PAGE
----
There’s some pretty silly bits. In the early chapters Darrow’s realization of his captivity and subsequent awareness of the wider world reads as an obnoxiously similar description of Plato’s cave: like there’s an actual cave and actual fire. There’s a lot of searing pain (think Harry Potter and the interminable descriptions of How Much His Scar Hurts) and teenage hormone.
But these silly parts are endurable for the well-paced plot and the genuine interest and care cultivated for Darrow and his quest (cultivated in no small part in that Darrow is a very well developed character with complex and unpredictable reactions – except when it comes to women, more on that in a minute). I liked reading this one so much I couldn’t wait to order it from the other library and (actually) waited outside the bookstore for it to open this morning so I could get the second installment (it is, of course, a trilogy).
*light spoilers to follow*
I liked reading it even while I was troubled and annoyed with the representation of women. Darrow’s wife, Eo, is a singular martyr and Darrow’s romanticization of her throughout the rest of the book put me off as it made Eo’s entire purpose the inspiration and motivation of her husband-man: “They didn’t create me. She did” (115). His later love interest, Mustang, is more developed as a character, but similarly defined in relation to Darrow: she is a traitor, she is loyal, she is helpful, she is destructive all in terms of what she does to or for him.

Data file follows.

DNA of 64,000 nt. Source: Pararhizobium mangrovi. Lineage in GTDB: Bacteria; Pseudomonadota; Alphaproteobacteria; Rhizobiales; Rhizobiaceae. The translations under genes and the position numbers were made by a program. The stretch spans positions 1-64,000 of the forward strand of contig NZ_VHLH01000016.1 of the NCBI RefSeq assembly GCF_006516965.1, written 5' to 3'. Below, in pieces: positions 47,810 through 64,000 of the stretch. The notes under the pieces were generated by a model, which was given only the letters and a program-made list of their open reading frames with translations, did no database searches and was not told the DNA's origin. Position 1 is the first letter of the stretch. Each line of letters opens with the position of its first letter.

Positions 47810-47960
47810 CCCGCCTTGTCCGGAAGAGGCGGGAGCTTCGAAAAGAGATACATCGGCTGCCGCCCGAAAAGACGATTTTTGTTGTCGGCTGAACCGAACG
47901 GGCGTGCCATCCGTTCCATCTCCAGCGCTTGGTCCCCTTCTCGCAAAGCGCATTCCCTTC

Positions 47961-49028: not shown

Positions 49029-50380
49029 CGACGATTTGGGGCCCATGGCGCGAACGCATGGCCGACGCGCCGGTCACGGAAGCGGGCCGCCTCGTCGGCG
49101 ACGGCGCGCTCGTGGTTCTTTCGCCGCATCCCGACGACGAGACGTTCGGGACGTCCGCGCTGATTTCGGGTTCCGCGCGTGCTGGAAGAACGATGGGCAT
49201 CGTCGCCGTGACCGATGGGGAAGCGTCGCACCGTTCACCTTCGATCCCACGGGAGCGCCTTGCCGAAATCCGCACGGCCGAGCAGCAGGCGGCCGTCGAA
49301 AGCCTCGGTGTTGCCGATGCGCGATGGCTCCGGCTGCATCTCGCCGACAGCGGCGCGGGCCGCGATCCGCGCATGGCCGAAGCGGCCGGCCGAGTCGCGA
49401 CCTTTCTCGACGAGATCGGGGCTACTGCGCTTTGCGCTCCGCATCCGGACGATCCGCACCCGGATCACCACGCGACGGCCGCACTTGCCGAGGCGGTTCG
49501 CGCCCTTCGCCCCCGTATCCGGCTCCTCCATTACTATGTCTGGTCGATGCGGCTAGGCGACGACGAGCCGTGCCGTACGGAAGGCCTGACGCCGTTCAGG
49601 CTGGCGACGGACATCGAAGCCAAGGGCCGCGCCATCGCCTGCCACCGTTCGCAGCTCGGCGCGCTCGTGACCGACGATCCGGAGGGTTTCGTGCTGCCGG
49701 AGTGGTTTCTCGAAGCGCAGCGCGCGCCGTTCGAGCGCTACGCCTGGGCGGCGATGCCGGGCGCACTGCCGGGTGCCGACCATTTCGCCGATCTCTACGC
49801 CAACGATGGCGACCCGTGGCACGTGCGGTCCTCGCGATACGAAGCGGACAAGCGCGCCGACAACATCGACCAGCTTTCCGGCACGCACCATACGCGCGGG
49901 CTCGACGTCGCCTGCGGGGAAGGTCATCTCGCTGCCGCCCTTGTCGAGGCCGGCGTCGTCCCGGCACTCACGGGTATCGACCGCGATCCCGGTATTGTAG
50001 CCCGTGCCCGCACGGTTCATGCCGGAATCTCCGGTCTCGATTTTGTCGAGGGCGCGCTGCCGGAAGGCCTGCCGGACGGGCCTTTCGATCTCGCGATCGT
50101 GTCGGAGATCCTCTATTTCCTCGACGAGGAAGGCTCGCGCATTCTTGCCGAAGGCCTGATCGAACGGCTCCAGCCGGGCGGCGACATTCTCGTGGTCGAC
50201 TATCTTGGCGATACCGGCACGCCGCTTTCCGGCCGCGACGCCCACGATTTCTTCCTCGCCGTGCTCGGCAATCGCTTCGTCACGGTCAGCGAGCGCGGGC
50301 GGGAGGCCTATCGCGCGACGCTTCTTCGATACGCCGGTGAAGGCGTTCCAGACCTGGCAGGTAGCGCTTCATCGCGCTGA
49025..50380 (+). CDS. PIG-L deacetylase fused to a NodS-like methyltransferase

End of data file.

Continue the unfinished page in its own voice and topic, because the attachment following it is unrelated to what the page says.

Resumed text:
A related sticking point is the representation of bodies. The women are – without exception – only loveable or worthy of character development if they also happen to be slight and wispy whiffs of a person: “Though she’s swaddled with wolfcloaks as thick as my own, she hardly comes up to my shoulder. And when we walk through deep snow, it’s almost a laugh to see her try to keep apace with me. But if I slow, I earn a scowl. Her braid bounces as she keeps up [for real. her braid bounces]. When we reach easier ground, she glances over at me. Her pert nose is red as a cheery in the cold, but her eyes look like hot honey” (309-310). Okay, this passage probably won’t make you want to run out and get the book (it really is a fun read and worth checking out). I highlight it because it’s an example of the fragility-made-tough that women are meant to have in the book. And the way our ponytails should bounce. Contrast with the male characters who are worthy of veneration for all kinds of body types and shapes.